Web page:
Major improvements to WebRTC include support for video simulcast and the VP8 video codec. Video simulcast supports a technique for encoding video content with different parameters such as frame size or bit rate for serving the same content to multiple clients through a central server. WebKit support for the VP8 video codec is only available in WebRTC. The codec improves website compatibility, permitting video exchange with a wider range of WebRTC endpoints. Because H.264 has hardware support on Apple hardware and has been tuned for power efficiency, WebKit continues to use H.264 as its default codec in WebRTC for a better user experience.

More details about these WebRTC improvements in WebKit are available in the blog post “On the Road to WebRTC 1.0, Including VP8”.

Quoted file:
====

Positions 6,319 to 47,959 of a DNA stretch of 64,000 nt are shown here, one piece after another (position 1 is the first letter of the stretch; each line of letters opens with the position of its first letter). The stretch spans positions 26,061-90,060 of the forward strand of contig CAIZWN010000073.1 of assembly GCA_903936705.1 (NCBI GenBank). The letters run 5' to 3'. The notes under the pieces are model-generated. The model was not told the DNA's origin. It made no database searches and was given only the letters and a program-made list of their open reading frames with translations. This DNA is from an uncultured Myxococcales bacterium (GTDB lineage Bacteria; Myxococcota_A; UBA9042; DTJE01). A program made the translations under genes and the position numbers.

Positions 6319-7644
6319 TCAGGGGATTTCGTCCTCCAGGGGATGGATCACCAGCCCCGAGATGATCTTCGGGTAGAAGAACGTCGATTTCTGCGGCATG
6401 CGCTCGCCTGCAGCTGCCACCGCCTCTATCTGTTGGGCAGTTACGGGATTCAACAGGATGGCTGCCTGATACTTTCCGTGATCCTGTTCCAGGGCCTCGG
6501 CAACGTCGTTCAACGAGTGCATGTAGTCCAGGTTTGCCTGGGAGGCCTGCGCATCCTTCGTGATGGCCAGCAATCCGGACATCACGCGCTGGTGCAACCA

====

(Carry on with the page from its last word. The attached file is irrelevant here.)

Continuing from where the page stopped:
Modern Encrypted Media Extensions API

WebKit has an updated implementation of the Encrypted Media Extensions (EME) API for providing encrypted video or audio content. This updated version also no longer uses a webkit- prefix. The modern EME implementation includes a number of web developer features and conveniences not found in the original, prefixed API. Developers are encouraged to use feature detection to determine if the prefixed or the non-prefixed version of the API is available to ensure compatibility with older versions.

See the Encrypted Media Extensions standards specifications for more information.

Change Codecs and Containers in MSE